ENVIRON 302 - Topics in Environmental Social Science
Section: 001 Climate Change and Adaptation
Term: WN 2010
Subject: Program in the Environment (ENVIRON)
Department: LSA Environment
Waitlist Capacity:
May be repeated for a maximum of 12 credit(s). May be elected more than once in the same term.
Primary Instructor:

This course focuses on environment, development, and their relationship. In the first part of the course, we will examine development, beginning with its history and going on to examine development practices as they have evolved since the 1950s - from the mantra of growth to the focus on sustainable development and beyond. It would be fair to say that the initial history of development and conservation reveals the preoccupation of colonial and postcolonial governments to accomplish certain goals directly: growth, industrialization, protection of flora and fauna and so forth. In the pursuit of these goals, governments adopted what they believed to be universally applicable models of intervention. Failures and dissatisfaction with centralized policies unleashed a wide ranging preoccupation with decentralization and capacities of actors other than the state. In recent years even decentralization has come to be questioned along many fronts. The second part of the course focuses on environmental conservation, and is organized is a similar fashion. From a focus mainly on top down, centralized control, and mega-conservation showpieces, governments have come to recognize, albeit with wide-ranging differences, the variations and locally-specific aspects of conservation. They have also begun to see the close links between different aspects of development, conservation, livelihood, and attempted to pursue combined strategies that would simultaneously achieve the goals of conservation and development. In consequence, new ways of thinking about power and governance are becoming part of environmental conservation and development. While the overall thrust of the course conforms to a theoretical framework that brings together a particular way to understand development and environmental conservation, we will be somewhat focused in our geographical coverage. The course will draw empirical materials from Africa, South Asia and Latin America to develop a broad understanding of changes in how development and environmental conservation are understood in these regions.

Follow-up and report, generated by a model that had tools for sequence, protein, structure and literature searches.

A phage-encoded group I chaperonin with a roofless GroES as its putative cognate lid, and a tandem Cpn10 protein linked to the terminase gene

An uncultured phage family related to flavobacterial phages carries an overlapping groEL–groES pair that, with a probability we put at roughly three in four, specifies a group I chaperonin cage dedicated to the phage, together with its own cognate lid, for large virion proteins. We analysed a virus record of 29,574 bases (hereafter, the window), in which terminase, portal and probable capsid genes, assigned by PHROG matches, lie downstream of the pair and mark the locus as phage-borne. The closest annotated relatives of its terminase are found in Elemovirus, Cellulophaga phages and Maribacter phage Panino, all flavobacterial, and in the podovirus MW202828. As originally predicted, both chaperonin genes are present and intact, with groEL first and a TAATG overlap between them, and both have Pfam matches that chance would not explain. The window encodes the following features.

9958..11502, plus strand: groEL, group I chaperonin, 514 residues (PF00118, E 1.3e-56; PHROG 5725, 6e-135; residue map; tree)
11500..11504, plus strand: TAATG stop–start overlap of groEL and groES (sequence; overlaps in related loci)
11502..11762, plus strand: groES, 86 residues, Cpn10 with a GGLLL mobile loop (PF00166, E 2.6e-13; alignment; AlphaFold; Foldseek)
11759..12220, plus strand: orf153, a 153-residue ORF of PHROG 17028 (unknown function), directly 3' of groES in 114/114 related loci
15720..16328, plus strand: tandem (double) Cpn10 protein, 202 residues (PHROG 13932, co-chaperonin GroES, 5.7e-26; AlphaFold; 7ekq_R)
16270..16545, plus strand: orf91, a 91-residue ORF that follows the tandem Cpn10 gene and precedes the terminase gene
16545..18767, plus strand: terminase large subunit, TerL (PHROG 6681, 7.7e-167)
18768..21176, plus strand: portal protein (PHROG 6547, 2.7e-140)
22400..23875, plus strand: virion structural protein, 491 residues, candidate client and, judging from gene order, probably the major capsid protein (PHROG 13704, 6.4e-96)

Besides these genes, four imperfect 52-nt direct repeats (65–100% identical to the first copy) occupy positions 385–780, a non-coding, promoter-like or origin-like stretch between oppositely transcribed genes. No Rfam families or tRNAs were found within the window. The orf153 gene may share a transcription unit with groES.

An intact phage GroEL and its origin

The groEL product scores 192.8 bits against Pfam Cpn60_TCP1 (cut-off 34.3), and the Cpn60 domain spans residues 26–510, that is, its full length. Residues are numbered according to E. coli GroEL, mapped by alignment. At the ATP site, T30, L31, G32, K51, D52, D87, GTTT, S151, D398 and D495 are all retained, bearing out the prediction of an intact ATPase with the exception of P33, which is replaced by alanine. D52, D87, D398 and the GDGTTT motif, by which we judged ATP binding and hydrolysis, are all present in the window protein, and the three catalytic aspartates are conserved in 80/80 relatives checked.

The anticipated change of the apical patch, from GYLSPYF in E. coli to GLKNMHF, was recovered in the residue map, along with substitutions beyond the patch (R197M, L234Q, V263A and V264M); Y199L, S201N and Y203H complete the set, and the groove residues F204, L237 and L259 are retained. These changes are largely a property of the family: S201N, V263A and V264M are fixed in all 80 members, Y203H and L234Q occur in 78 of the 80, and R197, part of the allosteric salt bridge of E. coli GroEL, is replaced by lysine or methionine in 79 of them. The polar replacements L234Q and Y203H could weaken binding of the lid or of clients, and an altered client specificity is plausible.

ENVIRON 302 - Topics in Environmental Social Science
Schedule Listing
001 (LEC)
TuTh 11:30AM - 1:00PM
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